In most cases, these students are placed in traditional classrooms and receive support to mitigate disability-related behavior. They can be given breaks to cope with overstimulation or assistants to help them understand instructions about tasks.
In 2019, The News-Journal interviewed parents, teachers, lawyers, district officials and other experts about the system for educating students with autism in the Volusia district. The newspaper’s findings were twofold and are supported by the conclusions of the DOJ’s investigation.
The newspaper found that the number of students with autism in Volusia County more than tripled, staffing levels, funding and generalist teacher training have stagnated. It also found that the number of children with autism in Volusia County who are Baker Acted has increased 500% in four years, although experts say it will almost never help this child overcome their behavior, which It showed.
The News-Journal spoke to families whose children were dragged in police cars and were involuntarily hospitalized for behavior related to their disability; families who have taken their children out of the public school system for fear of retaliation for their behavior; and to families who have had to bring in professional attorneys or solicitors to help them get the support services they need to go to school for their children.
“The truth is these children have special needs. They have extraordinary needs. We should balance their skills with resources to make sure everyone is provided an education,” Tews said.
“This is really the heart of what public education is supposed to be,” he continued, “and I think the DOJ results say,” Yes, we will make sure you do. “
What the settlement says
The 19-page settlement agreement with the DOJ requires the district to take a number of steps to correct and prevent discrimination against students with disabilities.
In part, it should generally prohibit the informal or undocumented removal of students with disabilities from the classroom, such as The district must update its policies and procedures to include options for positive interventions prior to disciplinary action and clear steps that limit the administrator’s discretion. The district must also provide clear guidelines on when the school can call on law enforcement agencies.
Read it here:Settlement Agreement between the United States and the Volusia County School District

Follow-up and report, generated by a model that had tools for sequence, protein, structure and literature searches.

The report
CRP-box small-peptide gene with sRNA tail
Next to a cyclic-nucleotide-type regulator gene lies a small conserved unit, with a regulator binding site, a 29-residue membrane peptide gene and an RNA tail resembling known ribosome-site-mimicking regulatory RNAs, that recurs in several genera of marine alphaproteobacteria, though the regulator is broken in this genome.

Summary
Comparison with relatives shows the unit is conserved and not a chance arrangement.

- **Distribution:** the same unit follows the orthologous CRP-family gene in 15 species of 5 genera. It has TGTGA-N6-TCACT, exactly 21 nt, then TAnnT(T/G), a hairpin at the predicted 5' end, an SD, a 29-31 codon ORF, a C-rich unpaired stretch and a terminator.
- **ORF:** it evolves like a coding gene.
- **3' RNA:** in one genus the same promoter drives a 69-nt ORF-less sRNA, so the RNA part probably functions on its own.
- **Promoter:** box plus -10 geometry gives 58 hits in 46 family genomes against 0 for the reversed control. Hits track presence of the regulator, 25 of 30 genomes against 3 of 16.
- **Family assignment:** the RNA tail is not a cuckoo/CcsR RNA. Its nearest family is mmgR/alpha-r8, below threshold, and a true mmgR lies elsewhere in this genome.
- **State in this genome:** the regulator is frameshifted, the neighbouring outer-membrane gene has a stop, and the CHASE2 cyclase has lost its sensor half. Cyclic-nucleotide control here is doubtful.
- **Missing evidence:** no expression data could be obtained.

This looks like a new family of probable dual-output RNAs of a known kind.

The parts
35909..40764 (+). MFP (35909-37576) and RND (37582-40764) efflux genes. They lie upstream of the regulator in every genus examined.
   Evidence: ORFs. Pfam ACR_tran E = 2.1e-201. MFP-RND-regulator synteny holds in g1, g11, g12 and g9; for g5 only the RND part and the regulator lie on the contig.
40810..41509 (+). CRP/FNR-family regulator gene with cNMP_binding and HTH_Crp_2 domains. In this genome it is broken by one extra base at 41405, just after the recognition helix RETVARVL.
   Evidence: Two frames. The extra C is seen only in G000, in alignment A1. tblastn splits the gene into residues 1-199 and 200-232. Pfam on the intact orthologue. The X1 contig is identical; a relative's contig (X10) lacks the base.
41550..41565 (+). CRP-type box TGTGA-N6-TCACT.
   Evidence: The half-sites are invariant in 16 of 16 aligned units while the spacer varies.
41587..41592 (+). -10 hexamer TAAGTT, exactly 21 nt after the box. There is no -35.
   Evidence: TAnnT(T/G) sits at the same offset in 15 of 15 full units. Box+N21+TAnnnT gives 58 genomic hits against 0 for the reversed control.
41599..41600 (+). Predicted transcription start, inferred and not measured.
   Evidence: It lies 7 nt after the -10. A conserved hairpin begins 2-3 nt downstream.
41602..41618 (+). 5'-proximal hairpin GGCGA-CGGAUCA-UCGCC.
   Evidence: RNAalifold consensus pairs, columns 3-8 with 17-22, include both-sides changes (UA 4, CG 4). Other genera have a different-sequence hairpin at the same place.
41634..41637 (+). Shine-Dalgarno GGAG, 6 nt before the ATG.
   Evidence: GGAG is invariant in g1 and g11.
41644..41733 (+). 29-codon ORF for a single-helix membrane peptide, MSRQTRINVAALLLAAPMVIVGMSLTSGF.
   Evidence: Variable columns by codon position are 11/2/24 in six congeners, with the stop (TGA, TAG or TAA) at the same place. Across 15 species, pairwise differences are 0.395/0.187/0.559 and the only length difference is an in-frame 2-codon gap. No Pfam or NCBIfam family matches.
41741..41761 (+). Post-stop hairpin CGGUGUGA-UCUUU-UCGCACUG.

Much of the comparison involves the establishment of systems to record and track all dismissals of students with disabilities. Schools must document and review each removal and document any positive corrective action they have taken before resorting to disciplinary action. Families have the opportunity to appeal against disciplinary action. And every involvement of law enforcement agencies needs to be documented and stored in a central database – something that didn’t exist before.
The settlement also requires that all law enforcement officials and school guards who work with students with disabilities, as well as all staff and contractors who come into contact with students with autism spectrum disorder, receive training on the rights of students with disabilities as well as a Instruction in the characteristics and needs of students will give these students and behavior management strategies. The training must be carried out personally. Such training has not previously been required.
The district must hire an outside advisor to assess and monitor disciplinary practices by meeting with each principal twice a year, and an ADA compliance officer to ensure the settlement is upheld. And the district will submit regular reports to the federal government that document progress and compliance with the regulation.
The district is also required to inform the parents and guardians of all students about the settlement and notify where it can be accessed. She has two weeks from August 2nd for this.
Read the full comparison on the DOJ’s website.
Reporter Nikki Ross contributed to this report.